In my family we have a tendency to talk too quietly, too fast, or in a monotonous tone, or all three at once. Most of what is said is probably quite interesting or funny – at least it would be if anyone could decipher it! So we end up having to repeat what we are saying several times because we simply can’t be understood, and end up shouting and everyone gets annoyed!
This is a pattern that repeats itself and doesn’t seem to improve.
If only we could learn to speak clearly the first time around!
With horses we strive to use the lightest and subtlest of aids, but we also need to avoid going from a whisper that is too subtle to getting annoyed and shouting, like in my family!
If he can’t figure out what we are trying to say our horse is going to be confused and might seem uncooperative.
Instead we should take the time to explain more clearly in language the horse can understand. Teach him in simple baby steps the language we want to use and how we would like him to respond. Once he understands the meaning, the aid can become gradually quieter and he will be able to respond to that whisper with certainty.
Having defined our language, we need to stick with it. Being consistent in the language we offer can be challenging! Just attempting to apply a single meaning to each of the vast array of verbal cues that we use illustrates just how complex and confusing the communication we have with our horses can get.
A common mistake to send the horse out on the lunge using whip and hand aids, but at the same time folding one's upper body over and drawing the stomach in. This gives conflicting messages, because the body language is saying come in towards me while the arms are saying go away.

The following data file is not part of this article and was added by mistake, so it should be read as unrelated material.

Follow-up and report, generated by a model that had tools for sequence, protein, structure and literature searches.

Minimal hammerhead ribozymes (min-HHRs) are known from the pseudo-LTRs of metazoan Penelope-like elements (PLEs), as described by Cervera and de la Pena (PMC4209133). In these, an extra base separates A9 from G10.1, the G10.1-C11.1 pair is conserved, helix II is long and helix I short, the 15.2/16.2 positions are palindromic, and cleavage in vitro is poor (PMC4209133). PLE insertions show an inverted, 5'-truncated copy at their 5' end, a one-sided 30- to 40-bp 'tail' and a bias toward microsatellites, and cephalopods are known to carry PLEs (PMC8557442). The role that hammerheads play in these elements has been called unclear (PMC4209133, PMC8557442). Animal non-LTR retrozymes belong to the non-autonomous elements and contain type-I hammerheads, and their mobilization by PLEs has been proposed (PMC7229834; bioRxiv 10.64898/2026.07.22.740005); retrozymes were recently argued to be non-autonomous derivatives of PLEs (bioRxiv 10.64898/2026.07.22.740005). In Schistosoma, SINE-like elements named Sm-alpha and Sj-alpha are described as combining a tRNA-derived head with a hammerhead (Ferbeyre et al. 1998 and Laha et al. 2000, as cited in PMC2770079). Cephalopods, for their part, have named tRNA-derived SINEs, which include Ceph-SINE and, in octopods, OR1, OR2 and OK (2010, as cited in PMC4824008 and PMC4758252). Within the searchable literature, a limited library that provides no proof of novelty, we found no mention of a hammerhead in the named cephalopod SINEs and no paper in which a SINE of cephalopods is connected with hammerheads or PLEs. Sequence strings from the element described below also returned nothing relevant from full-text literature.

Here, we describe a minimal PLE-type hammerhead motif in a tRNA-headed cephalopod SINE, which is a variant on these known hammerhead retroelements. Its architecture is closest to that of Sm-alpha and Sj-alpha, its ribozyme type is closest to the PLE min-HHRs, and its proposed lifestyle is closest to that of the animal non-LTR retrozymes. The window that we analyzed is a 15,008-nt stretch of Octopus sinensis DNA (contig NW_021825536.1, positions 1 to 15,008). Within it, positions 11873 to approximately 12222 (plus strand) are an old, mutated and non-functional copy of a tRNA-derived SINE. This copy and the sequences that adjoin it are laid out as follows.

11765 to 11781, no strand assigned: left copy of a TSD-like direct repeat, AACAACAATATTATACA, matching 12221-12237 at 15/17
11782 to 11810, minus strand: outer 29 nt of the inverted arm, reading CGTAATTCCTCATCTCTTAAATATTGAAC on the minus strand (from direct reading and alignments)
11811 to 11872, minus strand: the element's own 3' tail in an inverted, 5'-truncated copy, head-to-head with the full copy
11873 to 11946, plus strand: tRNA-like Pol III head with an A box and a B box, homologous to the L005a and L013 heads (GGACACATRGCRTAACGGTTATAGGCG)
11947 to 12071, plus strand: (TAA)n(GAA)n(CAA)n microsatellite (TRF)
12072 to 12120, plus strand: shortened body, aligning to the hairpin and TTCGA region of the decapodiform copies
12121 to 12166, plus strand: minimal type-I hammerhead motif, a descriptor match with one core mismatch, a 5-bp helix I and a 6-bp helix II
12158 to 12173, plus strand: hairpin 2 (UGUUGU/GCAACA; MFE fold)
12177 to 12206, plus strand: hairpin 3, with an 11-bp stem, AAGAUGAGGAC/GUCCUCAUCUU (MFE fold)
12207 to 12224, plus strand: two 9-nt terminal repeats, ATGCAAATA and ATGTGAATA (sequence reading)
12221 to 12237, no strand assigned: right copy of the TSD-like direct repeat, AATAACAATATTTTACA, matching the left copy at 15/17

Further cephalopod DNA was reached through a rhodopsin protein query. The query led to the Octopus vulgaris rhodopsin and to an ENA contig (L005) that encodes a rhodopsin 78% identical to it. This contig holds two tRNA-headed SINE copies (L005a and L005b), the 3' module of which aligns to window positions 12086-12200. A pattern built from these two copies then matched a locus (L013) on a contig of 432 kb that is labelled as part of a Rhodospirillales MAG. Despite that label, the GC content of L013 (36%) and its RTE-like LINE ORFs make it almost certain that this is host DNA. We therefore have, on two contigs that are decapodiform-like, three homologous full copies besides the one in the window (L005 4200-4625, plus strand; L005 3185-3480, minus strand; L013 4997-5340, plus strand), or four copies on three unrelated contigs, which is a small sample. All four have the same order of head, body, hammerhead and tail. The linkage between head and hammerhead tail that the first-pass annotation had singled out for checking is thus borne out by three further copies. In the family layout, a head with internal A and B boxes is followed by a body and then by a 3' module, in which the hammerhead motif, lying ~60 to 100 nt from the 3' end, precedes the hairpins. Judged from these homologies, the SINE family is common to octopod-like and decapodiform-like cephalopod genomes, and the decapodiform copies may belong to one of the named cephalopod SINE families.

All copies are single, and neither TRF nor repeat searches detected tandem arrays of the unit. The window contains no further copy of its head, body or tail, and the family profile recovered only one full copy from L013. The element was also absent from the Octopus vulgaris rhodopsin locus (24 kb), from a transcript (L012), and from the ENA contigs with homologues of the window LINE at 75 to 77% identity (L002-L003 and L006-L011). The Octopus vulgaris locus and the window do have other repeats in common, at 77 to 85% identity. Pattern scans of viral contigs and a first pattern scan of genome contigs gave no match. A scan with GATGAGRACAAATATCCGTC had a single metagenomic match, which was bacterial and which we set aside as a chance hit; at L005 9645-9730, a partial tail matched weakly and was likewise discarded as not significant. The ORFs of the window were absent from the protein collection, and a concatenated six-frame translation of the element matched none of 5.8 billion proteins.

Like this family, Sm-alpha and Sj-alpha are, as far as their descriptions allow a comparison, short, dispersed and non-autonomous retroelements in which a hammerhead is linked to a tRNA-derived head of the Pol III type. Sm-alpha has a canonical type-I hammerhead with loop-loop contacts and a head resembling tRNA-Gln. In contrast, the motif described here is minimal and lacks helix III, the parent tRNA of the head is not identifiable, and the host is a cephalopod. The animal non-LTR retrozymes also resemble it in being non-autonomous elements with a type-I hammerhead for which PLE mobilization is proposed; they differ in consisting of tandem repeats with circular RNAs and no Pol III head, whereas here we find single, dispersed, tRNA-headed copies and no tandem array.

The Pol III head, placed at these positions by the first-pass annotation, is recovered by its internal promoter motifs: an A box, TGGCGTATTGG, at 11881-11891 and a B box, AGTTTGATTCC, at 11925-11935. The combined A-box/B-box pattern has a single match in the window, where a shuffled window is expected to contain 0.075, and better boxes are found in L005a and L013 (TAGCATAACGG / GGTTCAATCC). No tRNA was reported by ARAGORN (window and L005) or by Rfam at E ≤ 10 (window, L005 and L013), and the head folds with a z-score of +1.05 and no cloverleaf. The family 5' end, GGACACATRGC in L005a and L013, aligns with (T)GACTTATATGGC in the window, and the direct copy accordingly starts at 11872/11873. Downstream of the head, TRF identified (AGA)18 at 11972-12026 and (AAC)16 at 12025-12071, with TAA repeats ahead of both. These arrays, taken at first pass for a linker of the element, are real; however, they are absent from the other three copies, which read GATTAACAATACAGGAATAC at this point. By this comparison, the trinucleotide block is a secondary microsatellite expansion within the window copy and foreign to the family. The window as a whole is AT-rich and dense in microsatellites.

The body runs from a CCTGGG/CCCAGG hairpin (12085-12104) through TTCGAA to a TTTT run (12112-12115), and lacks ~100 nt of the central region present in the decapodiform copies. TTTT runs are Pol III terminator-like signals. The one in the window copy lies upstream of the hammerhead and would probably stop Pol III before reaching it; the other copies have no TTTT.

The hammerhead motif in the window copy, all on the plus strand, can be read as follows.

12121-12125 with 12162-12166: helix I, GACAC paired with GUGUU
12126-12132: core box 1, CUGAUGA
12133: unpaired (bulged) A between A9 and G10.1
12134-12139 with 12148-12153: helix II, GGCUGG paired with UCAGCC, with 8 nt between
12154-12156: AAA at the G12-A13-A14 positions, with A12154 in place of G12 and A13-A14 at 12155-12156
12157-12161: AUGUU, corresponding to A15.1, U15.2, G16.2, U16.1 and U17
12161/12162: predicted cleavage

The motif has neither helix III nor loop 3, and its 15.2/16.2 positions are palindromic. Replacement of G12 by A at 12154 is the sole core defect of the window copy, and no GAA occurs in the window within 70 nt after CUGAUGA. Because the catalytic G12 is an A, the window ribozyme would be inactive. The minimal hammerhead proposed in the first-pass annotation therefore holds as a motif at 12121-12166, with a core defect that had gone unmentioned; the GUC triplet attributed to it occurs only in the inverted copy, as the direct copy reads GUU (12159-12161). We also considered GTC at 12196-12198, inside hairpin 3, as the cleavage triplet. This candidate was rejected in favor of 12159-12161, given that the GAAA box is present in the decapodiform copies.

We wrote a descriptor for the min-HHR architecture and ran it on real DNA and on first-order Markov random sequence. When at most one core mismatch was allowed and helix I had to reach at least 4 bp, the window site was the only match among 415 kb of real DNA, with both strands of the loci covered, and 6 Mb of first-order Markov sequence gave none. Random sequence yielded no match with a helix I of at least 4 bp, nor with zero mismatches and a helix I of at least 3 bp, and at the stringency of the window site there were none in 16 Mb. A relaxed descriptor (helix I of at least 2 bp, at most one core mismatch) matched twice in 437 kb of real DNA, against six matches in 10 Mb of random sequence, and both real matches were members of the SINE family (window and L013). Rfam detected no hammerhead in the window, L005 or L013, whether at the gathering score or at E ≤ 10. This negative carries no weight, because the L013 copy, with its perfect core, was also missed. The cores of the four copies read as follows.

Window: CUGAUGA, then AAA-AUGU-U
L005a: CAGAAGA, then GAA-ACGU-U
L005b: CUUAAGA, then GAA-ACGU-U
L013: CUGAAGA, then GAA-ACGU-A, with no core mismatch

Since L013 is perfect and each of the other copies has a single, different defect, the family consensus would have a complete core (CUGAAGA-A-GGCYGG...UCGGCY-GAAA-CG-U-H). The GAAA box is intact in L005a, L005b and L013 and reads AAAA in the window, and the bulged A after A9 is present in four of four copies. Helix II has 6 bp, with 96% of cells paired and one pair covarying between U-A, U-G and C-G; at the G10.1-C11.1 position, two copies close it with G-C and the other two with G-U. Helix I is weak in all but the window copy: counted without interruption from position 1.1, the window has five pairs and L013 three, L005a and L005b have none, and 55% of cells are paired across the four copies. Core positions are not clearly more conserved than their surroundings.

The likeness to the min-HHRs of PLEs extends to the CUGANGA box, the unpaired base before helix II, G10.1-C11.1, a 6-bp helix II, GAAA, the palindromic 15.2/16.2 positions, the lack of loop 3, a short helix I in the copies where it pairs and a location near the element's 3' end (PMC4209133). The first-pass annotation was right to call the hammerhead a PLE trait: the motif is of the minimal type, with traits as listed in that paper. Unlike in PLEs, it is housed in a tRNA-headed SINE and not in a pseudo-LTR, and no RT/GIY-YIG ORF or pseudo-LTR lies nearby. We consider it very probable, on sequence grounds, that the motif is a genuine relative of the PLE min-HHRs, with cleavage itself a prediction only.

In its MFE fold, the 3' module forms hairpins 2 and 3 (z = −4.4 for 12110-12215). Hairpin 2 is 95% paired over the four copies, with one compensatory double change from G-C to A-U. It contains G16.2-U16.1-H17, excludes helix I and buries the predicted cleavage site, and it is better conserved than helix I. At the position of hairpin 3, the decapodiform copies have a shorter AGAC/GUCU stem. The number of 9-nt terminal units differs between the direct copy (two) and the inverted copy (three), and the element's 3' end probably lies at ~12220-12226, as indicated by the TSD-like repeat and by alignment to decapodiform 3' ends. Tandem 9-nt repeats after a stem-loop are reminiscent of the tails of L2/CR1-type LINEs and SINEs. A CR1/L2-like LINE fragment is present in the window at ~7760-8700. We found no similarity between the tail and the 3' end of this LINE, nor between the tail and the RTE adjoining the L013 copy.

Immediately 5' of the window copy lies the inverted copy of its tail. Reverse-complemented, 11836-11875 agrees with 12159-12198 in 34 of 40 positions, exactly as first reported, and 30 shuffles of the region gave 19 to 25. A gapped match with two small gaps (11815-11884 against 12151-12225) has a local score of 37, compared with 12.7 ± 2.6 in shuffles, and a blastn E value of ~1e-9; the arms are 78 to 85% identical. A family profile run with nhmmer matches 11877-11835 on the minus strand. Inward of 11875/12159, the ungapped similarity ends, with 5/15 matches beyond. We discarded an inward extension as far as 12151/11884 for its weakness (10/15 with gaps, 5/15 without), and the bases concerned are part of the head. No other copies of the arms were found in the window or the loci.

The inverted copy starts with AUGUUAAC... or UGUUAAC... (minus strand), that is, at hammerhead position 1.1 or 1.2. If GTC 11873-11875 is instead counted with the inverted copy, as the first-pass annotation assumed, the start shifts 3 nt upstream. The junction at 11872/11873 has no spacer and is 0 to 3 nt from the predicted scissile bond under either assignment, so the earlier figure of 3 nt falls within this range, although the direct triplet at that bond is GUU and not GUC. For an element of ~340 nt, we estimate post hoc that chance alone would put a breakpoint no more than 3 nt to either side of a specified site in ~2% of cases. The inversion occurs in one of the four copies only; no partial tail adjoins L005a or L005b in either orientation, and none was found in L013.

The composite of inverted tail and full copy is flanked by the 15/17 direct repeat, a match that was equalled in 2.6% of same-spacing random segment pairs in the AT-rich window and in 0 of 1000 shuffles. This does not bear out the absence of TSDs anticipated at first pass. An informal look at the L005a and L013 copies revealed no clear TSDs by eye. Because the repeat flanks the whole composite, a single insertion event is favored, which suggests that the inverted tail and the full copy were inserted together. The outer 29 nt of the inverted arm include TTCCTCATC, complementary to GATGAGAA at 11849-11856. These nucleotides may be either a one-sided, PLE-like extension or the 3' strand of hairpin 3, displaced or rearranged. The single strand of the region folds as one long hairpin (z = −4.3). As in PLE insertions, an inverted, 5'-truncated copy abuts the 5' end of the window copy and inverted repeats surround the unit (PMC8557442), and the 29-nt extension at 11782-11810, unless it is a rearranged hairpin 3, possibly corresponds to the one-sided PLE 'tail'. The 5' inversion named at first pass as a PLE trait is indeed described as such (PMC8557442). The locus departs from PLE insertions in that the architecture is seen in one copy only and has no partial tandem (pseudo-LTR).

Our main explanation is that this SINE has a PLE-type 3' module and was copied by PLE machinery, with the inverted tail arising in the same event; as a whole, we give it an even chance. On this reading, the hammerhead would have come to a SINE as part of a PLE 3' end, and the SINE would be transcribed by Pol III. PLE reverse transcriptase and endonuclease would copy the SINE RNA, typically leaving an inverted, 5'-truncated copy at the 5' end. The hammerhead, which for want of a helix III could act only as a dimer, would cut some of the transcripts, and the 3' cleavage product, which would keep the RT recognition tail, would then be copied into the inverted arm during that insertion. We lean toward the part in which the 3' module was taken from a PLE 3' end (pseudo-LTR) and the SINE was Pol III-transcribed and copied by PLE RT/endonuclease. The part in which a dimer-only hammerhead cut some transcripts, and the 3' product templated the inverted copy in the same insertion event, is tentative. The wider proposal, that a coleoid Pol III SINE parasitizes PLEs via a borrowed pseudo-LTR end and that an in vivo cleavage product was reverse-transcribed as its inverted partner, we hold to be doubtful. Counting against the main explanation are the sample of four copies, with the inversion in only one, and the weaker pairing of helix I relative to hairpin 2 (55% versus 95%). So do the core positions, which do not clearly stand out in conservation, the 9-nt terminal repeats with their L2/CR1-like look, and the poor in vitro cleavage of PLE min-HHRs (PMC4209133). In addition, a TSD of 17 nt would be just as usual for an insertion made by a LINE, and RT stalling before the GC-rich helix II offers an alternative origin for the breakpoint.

With verbal cues horses will often respond more to the tone – high or low, loud or quiet, harsh or soft - than to the actual word used. They read our facial expression and the energy that we project, for example whether we feel happy or sad.
Verbal cues with tonal variation, facial expressions, energy and body language, along with a clear inner picture and inner feeling, combine to create a powerful set of tools to communicate clearly with the horse.
So for example your jackpot cue might be the word ‘excellent!’ said with great enthusiasm, a big smile, buckets of appreciation and warm loving energy, open body language and repeated rewards, so there is no doubt in my horse’s mind that he has pleased me and he is a most awesome being.
It all comes back again to being self-aware, and consistent.
Next time something is not working, ask yourself: